RICHMOND, Va. (WRIC) — A group of protesters gathered Thursday outside the Richmond law firm representing the man who filed a lawsuit seeking a temporary injunction to prevent the state from removing the Robert E. Lee statue immediately, as Gov. Ralph Northam had intended.
Demonstrators arrived at the law offices of Blackburn, Conte, Schilling & Click to demand answers about the injunction and the firm’s reasoning for defending William Gregory in the case. Those in the crowd told 8News that the protest was meant to be peaceful, but it got out of hand after people inside the offices were ignoring them and were trying to “forcefully leave.”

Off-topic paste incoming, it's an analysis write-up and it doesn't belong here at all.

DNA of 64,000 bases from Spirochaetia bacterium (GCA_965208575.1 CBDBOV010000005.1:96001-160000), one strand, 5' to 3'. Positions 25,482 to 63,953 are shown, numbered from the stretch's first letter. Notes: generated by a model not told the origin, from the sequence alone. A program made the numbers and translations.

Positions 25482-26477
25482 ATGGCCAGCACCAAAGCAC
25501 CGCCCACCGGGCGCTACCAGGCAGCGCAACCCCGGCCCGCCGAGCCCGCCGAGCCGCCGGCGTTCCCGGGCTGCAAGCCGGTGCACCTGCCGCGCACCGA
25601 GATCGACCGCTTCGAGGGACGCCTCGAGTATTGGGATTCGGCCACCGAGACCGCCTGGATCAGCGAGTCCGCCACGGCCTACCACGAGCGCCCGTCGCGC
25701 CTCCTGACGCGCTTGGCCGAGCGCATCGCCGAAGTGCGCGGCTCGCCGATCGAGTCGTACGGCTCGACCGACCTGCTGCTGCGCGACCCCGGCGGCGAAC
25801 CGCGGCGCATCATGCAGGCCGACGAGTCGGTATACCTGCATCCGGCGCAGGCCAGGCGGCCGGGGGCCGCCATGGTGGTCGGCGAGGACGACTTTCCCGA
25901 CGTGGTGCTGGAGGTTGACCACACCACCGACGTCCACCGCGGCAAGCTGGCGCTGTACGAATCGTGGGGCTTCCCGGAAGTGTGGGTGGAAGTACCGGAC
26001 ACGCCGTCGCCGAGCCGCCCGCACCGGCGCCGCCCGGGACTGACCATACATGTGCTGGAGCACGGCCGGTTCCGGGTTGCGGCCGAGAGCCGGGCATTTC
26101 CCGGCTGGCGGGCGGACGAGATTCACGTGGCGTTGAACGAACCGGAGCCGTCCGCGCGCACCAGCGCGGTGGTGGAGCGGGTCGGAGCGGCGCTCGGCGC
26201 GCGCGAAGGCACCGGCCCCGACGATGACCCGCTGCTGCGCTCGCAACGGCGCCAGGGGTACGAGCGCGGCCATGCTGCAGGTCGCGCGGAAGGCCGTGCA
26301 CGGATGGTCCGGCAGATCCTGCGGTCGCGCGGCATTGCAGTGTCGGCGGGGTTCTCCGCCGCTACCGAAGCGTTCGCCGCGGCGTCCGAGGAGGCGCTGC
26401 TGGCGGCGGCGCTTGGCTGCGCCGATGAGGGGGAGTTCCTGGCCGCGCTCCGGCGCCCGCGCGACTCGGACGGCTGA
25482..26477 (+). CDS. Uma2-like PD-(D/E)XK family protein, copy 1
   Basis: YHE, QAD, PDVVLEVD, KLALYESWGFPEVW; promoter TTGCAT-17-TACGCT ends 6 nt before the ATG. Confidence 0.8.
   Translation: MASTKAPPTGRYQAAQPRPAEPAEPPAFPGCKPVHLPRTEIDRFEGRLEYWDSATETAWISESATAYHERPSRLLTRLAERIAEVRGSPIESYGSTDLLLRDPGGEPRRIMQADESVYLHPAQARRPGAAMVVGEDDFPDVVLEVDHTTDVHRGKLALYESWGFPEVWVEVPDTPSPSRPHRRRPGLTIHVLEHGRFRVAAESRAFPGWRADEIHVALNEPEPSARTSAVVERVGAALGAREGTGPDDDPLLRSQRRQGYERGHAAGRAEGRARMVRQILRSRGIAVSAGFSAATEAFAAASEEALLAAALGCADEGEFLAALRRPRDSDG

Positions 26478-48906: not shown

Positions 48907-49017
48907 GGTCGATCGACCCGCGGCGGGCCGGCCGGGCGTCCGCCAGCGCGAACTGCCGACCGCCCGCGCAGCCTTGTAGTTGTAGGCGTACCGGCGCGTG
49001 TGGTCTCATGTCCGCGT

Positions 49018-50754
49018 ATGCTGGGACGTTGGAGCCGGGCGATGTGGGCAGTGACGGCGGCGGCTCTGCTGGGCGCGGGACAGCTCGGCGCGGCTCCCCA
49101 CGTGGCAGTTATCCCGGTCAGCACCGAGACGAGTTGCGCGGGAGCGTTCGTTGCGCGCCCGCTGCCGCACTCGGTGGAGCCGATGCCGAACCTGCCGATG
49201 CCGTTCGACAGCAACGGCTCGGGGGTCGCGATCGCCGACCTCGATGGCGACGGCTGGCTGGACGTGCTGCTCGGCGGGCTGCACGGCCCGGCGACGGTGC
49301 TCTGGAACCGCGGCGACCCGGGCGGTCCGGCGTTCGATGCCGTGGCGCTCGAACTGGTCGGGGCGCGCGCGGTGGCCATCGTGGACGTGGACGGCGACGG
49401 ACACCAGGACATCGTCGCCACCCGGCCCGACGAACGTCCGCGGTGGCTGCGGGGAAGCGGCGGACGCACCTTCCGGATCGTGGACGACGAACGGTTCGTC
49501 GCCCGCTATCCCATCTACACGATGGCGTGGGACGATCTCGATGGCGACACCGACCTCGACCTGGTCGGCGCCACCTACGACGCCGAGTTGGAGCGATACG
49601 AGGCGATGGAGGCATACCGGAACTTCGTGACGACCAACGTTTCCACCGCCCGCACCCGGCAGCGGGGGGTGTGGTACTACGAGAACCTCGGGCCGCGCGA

A Richmond police spokeswoman told 8News that officers responded to the area but “did not find any property damage or see anyone involved in criminal activity.”
Two protesters were eventually allowed inside the building and had a “healthy and productive” conversation with members of the firm, Ted Bruns and John Click, that lasted roughly an hour, according to Bruns and Click.
While the authorities said they did not witness any criminal activity, Bruns and Click told 8News that the protest got “scary” after demonstrators cut off power to the building and some knocked on a lawyer’s window.